Available here, pre-print here

Symposium on Laclau and International Relations published

The symposium “The Contribution of Laclau’s Discourse Theory to International Relations and International Political Economy”, co-edited by Dirk Nabers and Frank A. Stengel, has been published in New Political Science. The symposium explores what “Essex School” discourse theory can contribute to our understanding of central concepts in International Relations and International Political Economy. The symposium discusses central concepts in IR/IPE, including crisis, security, war, money, representation and populism, and global order.

Available here, more details and pre-prints here

Edited Volume on "Populism and World Politics" published

The new volume “Populism and World Politics: Exploring Inter- and Transnational Dimensions”, edited by Frank A. Stengel, David B. MacDonald and Dirk Nabers has just been published by Palgrave Macmillan.
This volume is the first to analyze populism’s international dimension: its impact on, and interaction with, foreign policy and international politics. The contributions to this volume engage conceptual theoretical issues and overarching questions such as the still under-specified concept of populism or the importance of leadership and the mass media for populism’s global rise. They zoom in on populism’s effect on both different countries’ foreign policies and core international concerns, including the future of the liberal world order and the chances for international conflict and cooperation more generally.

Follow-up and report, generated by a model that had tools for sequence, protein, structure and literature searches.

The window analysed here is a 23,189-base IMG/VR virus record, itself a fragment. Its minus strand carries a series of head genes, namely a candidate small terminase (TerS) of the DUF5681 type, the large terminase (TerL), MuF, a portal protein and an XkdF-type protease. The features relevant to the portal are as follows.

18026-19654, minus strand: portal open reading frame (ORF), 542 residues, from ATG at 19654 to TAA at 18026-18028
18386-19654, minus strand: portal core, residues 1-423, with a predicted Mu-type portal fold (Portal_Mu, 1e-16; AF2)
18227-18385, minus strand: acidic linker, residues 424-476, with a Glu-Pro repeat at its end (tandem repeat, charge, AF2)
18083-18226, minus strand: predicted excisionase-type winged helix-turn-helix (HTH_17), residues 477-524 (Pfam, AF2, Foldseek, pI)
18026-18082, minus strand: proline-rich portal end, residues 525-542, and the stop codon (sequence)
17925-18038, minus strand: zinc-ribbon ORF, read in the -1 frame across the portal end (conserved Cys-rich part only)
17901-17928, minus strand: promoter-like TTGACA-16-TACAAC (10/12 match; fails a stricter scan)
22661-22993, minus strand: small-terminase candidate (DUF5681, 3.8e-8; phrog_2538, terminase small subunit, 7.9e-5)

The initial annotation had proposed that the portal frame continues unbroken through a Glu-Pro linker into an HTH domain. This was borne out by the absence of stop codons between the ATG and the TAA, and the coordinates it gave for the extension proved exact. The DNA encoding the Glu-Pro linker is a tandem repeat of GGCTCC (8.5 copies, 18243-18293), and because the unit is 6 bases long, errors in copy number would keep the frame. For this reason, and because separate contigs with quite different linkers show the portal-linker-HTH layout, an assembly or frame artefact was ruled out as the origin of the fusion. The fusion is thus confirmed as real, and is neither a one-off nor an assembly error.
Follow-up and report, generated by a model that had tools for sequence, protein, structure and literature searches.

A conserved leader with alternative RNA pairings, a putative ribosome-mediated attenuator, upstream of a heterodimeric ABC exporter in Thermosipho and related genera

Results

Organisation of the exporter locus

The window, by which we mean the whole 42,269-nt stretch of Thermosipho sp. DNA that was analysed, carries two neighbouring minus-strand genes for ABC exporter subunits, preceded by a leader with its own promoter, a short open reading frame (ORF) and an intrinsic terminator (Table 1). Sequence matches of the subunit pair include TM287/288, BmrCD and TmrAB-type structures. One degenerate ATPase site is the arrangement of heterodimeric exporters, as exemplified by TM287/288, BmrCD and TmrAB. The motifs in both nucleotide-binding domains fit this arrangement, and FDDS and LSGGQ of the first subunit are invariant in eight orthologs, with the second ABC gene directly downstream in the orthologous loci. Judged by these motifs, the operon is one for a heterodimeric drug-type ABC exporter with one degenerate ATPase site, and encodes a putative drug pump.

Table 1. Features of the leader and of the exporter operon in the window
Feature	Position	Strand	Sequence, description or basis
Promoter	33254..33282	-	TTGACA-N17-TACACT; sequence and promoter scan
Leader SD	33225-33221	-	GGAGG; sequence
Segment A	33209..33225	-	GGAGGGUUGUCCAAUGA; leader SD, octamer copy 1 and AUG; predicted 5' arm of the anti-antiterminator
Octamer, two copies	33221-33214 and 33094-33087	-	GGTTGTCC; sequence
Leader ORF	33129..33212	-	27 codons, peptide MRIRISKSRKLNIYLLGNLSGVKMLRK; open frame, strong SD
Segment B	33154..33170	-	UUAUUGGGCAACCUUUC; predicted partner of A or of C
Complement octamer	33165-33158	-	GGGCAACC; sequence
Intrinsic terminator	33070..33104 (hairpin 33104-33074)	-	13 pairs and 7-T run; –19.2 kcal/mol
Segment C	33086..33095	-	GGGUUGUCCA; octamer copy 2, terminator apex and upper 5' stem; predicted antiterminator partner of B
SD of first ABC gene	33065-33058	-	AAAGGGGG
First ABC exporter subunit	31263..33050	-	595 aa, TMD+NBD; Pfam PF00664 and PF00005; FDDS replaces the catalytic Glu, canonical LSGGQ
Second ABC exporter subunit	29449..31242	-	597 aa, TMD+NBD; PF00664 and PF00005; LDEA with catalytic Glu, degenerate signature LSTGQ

The volume includes chapters by:

  • Jan Zeemann on the possibility of an emancipatory global populist project
  • María Esperanza Casullo on the importance of leadership for populist movements
  • Precious Chatterje-Doody and Rhys Crilley on global media and populism
  • Dirk Nabers and myself on sedimented practices in Donald J. Trump’s election campaign
  • Brian Budd on Kellie Leitch’s failed campaign in Canada
  • Grant Burrier on the impact of populist presidencies on trade and defense policies in Latin America
  • Daniel Wajner on the impact of classical populism, neoliberal and progressive neopopulism on Latin American foreign policies
  • David B. MacDonald on the foreign policy of Winston Peters’s New Zealand First party
  • Thorsten Wojczewski on Modi’s populist project in India
  • Robert Patman on populist challenges to liberal world order
  • Shane Markowitz on populism as a socio-material phenomenon in the context of genetically modified organisms
  • and Amy Skonieczny on the 2016 US presidential election’s effect on the Trans-Pacific Partnership

The book is available online here: or here:



Lectures of winter term 2018/19

The lectures of the International Political Sociology Working Group for the upcoming winter term 2018/19 can be found


[Please note: This information is only available in German !]

EISA Best Dissertation Award for Dr. Frank Stengel

Our research associate Dr. Frank Stengel has won the EISA Best Dissertation Award. His doctoral thesis, which was awarded the top score of "summa cum laude" in 2017, carries the title "Discursive Change and Foreign Policy: A Discourse Analysis of Germany's Changing Stance on the International Use of Force".

Lectures of the summer semester 2018